Senate Judiciary Committee Chairman Arlen Specter has attracted some good press for his saber rattling on President Bush's warrantless wiretapping program, but behind the headlines his bill, co-authored with Vice President Dick Cheney, would basically repeal the Fourth Amendment protections that were written into the Foreign Intelligence Surveillance Act in the wake of Watergate. As they say in the East, a sword is useless in the hands of a coward, which really means that empty threats to hold the president accountable are basically useless.
And so far no "leader" on the hill has been willing to issue a subpoena to the White House or the telecommunication companies to pierce through the rhetoric to find out how many Americans are having their Fourth Amendment and statutory rights to privacy violated by the NSA at the president's direction. The only way to get a subpoena for the truth issued from the hill is for there to be a majority willing to hold the president accountable and issue the legal command for the truth. This isn't a partisan issue--it's a constitutional issue and party loyalty should not trump the checks and balances designed to safeguard our liberty.
The lack of any real check against the president from Congress was evident in the blank check some in Congress tried to give the president right before they left for August vacations. Actually, the check isn't blank--it's filled in for the exact amount of power sought by the president: unlimited power to engage in warrantless wiretapping, without any mandatory judicial check. Here's what happened:
The Senate Judiciary Committee room was packed on Thursday, August 3rd, as many lobbyists and Senate staff waited to see if there would be a vote on the Cheney-Specter bill. Administration lobbyists sat in their usual seats behind the Republican staffers and while the cordoned off press area was overflowing. Slowly, the Members' chairs filled as Senator Specter waited for a quorum so he could push for a vote on his bill.
Once a sufficient number of Senators showed up, he starting asking for a vote on his extremely controversial and extreme bill to legalize the president's spying on Americans. But, as you might imagine, members of Congress wanted to debate this radical effort to re-write the law. Actually, most of the debate came from the Democratic side of the room, while Republicans chatted amongst themselves, having already pledged to due what Dick wants, Vice President Cheney that is.
Senator Leahy spoke strongly against the bill, as did Senator Durbin. Then Senator Feinstein began her eloquent and thoughtful remarks. Mid-way through, Chairman Specter interrupted her to ask her how much longer since Republican Senators were eager to vote and leave, and she politely continued. When she concluded the chairman noted that she had spoken for a whole 15 minutes, actually not very long when you consider what is at stake as Senator Leahy pointed out--especially since she serves on both the Judiciary and Intelligence Committees, has been briefed into some of the NSA programs and still opposes the Cheney-Specter bill.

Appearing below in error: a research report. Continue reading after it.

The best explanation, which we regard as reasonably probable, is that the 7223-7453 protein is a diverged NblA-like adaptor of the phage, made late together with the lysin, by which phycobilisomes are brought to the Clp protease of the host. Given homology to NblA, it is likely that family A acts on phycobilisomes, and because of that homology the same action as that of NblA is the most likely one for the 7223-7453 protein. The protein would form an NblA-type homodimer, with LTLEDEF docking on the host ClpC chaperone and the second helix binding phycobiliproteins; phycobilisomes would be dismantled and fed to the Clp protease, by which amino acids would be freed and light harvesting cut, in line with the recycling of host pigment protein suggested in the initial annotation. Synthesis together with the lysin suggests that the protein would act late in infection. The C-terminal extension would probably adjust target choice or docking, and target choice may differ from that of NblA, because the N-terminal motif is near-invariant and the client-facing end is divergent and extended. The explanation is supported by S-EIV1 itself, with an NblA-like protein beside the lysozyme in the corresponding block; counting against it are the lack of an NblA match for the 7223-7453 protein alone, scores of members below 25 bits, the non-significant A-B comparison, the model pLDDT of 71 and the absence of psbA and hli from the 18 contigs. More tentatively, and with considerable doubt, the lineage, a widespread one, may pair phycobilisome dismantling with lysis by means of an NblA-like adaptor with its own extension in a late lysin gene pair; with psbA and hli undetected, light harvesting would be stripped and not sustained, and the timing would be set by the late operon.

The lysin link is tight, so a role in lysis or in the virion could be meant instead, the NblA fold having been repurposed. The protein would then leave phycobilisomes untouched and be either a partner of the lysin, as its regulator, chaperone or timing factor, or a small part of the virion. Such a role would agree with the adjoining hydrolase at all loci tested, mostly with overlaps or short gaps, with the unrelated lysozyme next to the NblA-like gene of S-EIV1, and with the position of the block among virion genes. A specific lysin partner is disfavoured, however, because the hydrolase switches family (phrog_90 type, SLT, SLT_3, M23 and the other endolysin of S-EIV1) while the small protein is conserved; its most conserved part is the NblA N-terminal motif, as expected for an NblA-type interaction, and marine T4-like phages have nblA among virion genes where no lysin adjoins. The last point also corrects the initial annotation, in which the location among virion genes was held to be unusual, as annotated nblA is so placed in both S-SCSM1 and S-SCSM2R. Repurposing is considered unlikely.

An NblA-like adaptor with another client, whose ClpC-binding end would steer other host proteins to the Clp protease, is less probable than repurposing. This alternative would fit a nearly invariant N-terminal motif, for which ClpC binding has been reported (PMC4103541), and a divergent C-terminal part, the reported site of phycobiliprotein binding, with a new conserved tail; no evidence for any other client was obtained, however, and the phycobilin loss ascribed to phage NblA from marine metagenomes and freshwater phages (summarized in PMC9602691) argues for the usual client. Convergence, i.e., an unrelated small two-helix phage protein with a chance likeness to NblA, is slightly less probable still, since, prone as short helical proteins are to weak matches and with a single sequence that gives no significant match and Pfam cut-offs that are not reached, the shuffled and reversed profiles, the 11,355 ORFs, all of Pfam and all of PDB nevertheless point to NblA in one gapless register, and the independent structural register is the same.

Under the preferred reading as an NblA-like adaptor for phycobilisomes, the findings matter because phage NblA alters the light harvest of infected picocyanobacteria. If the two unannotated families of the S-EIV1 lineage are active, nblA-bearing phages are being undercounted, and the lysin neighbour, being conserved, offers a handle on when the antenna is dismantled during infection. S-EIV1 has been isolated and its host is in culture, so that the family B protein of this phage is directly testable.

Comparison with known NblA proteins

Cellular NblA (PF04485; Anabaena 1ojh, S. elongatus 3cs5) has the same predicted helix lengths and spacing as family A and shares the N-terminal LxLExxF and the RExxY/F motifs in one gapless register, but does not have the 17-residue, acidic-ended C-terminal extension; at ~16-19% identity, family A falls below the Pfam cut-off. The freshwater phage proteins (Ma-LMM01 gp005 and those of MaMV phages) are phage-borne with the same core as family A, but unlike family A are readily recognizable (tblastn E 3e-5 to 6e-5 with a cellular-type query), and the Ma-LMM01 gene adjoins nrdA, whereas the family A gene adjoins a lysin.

Senator Specter actually asserted that his bill's language that the president should be able to wiretap outside of FISA was language already in the Foreign Intelligence Surveillance Act, which would be mistaken, to say the least. Senator DeWine spoke in favor of approving the NSA's surveillance program and as Senator Feingold and Schumer sought recognition, the clock high on the wall by the frieze of astrological signs (clearly from a different era) buzzed to signal a vote on the floor of the Senate.
Senator Specter recessed the hearing to reconvene in the president's room right next to the Senate chamber right after the vote. Staff and press quickly gathered materials and began the walk toward the Capitol on the nearly 100 degree day. We had to run the gantlet to get into the room, which is hard for the public to access. Once staff and press assembled in the room with big, old red leather chairs, Senator Specter entered the room. He hit the gavel hard and said someone had invoked the "two-hour" rule. The rule prevents the committee from meeting for two hours past the beginning of that legislative day. This is so members can participate in floor debates in spite of endless committee meetings.
Several people in the bipartisan crowd wanted to applaud or do the wave, but did not. The Senator was obviously disappointed and joked that if there were no objections he would report his bill. He gaveled the meeting to a conclusion, saying he would get the bill out in September. Staff and press drained from the room, as my allies and I took advantage of the big red chairs and cool room to finally breathe a sigh of relief. It seemed that we had been holding our breath all morning and for months, hoping to make it through the summer without these bad NSA bills getting a vote and rolling back our fundamental rights.
As we left that day, staffers were joking that the jets to whisk members away were fueling on the tarmacs and that we would just have jet fumes in a few short hours. And honestly nothing could have smelled better than that, given how hard the White House had been pushing to get the bill it wrote signed by a vote so it could cash out our rights.